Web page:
The Emperor’s General
You’d probably find this book in your local store in with the military adventure novels of Tom Clancy and so on, but I doubt that many of Mr. Clancy’s enthusiasts would stay very long with this one. As World War II in the Pacific winds down and Japan’s surrender is imminent, the peacetime occupation of that country under the watchful guidance of General Douglas MacArthur begins, as seen through the (fictional) eyes of young Captain Jay Marsh.
Marsh, born and raised in Arkansas, a football hero at Southern Cal, fluent in Japanese through a stroke of luck, and again by chance an untrained assistant to MacArthur, takes us inside the transition process. The general knows the allies and powers back home are howling for justice through war crime prosecutions, perhaps to the extent of charging the emperor himself. As politics begin to surpass military action, MacArthur also knows he needs Hirohito to remain as emperor, as a symbol of government the Japanese people will follow, and to facilitate the country’s acceptance of their new Constitution.
With MacArthur as a shield, the emperor will avoid prosecution. The question is, who needs who more? This is a novel of Oriental-style intrigue, deceit, and wrongful justice, most of which is true but the details of which many textbooks gloss over. As the active protagonist, the single-minded, egotistical Douglas MacArthur does not fare well in young Marsh’s growing disillusionment, but Webb’s portrayal of the complicated man behind the uniform is not unsympathetic either. He also strongly suggests that the ramifications of what transpired were long and costly.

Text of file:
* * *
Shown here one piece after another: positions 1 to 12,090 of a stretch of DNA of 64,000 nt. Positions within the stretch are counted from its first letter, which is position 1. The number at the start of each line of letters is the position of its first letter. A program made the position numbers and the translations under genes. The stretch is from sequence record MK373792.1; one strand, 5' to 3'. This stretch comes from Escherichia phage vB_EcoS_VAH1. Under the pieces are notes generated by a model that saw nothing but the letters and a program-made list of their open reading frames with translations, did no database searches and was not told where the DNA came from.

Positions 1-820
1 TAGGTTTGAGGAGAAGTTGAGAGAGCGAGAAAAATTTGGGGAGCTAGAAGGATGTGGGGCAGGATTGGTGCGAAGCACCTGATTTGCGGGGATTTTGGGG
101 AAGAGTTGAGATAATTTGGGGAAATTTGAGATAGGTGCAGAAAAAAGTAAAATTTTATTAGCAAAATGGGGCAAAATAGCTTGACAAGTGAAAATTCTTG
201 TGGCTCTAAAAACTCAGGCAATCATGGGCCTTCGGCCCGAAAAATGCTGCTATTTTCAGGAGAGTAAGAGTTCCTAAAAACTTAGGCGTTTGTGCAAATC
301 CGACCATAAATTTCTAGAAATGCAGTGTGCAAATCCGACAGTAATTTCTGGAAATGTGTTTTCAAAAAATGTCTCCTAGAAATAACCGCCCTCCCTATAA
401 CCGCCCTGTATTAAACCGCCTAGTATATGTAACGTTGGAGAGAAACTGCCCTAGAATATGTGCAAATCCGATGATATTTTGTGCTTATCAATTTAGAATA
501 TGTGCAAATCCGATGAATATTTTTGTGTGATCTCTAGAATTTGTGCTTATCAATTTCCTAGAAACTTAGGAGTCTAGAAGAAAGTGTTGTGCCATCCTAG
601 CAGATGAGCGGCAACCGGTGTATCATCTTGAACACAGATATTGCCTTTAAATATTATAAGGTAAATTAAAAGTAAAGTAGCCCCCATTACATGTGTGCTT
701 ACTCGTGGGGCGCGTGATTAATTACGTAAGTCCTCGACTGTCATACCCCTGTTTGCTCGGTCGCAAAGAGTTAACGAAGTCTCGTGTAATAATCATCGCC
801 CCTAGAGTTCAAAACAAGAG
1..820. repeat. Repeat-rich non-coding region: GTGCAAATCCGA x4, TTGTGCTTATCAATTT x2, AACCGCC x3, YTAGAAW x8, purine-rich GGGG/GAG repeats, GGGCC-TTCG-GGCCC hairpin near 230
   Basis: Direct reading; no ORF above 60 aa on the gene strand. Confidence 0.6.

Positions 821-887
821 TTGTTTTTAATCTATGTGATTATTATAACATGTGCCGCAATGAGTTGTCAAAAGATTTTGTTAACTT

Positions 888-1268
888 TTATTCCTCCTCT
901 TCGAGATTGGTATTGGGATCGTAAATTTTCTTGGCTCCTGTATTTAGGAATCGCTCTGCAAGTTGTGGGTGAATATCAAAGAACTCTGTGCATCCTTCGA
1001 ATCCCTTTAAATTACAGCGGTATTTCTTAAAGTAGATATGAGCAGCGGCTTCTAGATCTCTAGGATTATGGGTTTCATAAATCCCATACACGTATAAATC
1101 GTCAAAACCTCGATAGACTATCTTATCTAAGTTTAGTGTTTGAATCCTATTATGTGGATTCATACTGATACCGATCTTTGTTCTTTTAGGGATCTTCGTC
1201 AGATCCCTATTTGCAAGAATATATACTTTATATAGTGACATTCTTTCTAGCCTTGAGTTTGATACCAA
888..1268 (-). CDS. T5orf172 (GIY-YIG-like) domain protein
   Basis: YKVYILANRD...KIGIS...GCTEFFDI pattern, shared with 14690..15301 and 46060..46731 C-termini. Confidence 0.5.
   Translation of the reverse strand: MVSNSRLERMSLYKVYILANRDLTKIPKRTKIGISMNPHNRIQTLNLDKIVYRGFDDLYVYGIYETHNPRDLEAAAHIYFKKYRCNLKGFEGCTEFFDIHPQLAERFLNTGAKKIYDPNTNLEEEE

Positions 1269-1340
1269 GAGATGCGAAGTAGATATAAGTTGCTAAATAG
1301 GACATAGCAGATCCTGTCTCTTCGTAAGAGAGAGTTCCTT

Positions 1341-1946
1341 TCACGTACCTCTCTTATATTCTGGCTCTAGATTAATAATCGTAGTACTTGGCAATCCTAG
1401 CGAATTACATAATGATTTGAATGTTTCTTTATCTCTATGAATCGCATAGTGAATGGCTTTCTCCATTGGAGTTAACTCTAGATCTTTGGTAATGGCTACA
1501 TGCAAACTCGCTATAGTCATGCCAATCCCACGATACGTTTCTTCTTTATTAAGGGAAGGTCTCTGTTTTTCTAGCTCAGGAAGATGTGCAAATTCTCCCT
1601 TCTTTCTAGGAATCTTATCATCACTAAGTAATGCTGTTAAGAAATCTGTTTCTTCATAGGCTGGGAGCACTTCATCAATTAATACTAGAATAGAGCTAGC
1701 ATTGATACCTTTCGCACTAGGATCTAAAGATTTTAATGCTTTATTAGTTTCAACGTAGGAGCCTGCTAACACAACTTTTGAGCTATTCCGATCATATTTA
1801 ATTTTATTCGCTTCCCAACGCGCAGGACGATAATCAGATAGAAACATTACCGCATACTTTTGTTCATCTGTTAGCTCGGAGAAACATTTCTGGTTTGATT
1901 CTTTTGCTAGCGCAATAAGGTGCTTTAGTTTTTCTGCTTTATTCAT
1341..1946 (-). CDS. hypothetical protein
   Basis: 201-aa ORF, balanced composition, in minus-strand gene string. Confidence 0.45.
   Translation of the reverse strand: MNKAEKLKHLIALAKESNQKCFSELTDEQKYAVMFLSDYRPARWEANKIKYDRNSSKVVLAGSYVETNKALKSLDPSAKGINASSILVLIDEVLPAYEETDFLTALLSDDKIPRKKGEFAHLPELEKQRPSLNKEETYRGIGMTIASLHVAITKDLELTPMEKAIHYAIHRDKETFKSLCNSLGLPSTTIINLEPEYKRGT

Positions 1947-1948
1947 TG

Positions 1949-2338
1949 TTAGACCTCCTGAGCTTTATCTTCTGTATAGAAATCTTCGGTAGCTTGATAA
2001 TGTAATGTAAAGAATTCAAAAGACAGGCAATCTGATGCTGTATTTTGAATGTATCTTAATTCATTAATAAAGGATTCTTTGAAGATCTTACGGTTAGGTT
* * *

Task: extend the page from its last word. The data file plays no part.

The personal lives of the people swept up in the chaos of the time are not ignored either. Love affairs do not have an easy time of it when world-shaking events are taking place, and ambition begins to intrude.
Again, if you’re seeking a rousing military adventure, this book is not it. On the other hand, if you have an interest in what goes on behind the scenes in the arcane world of Asian diplomacy — or what might have — you’ll find a good deal to whet your appetite here.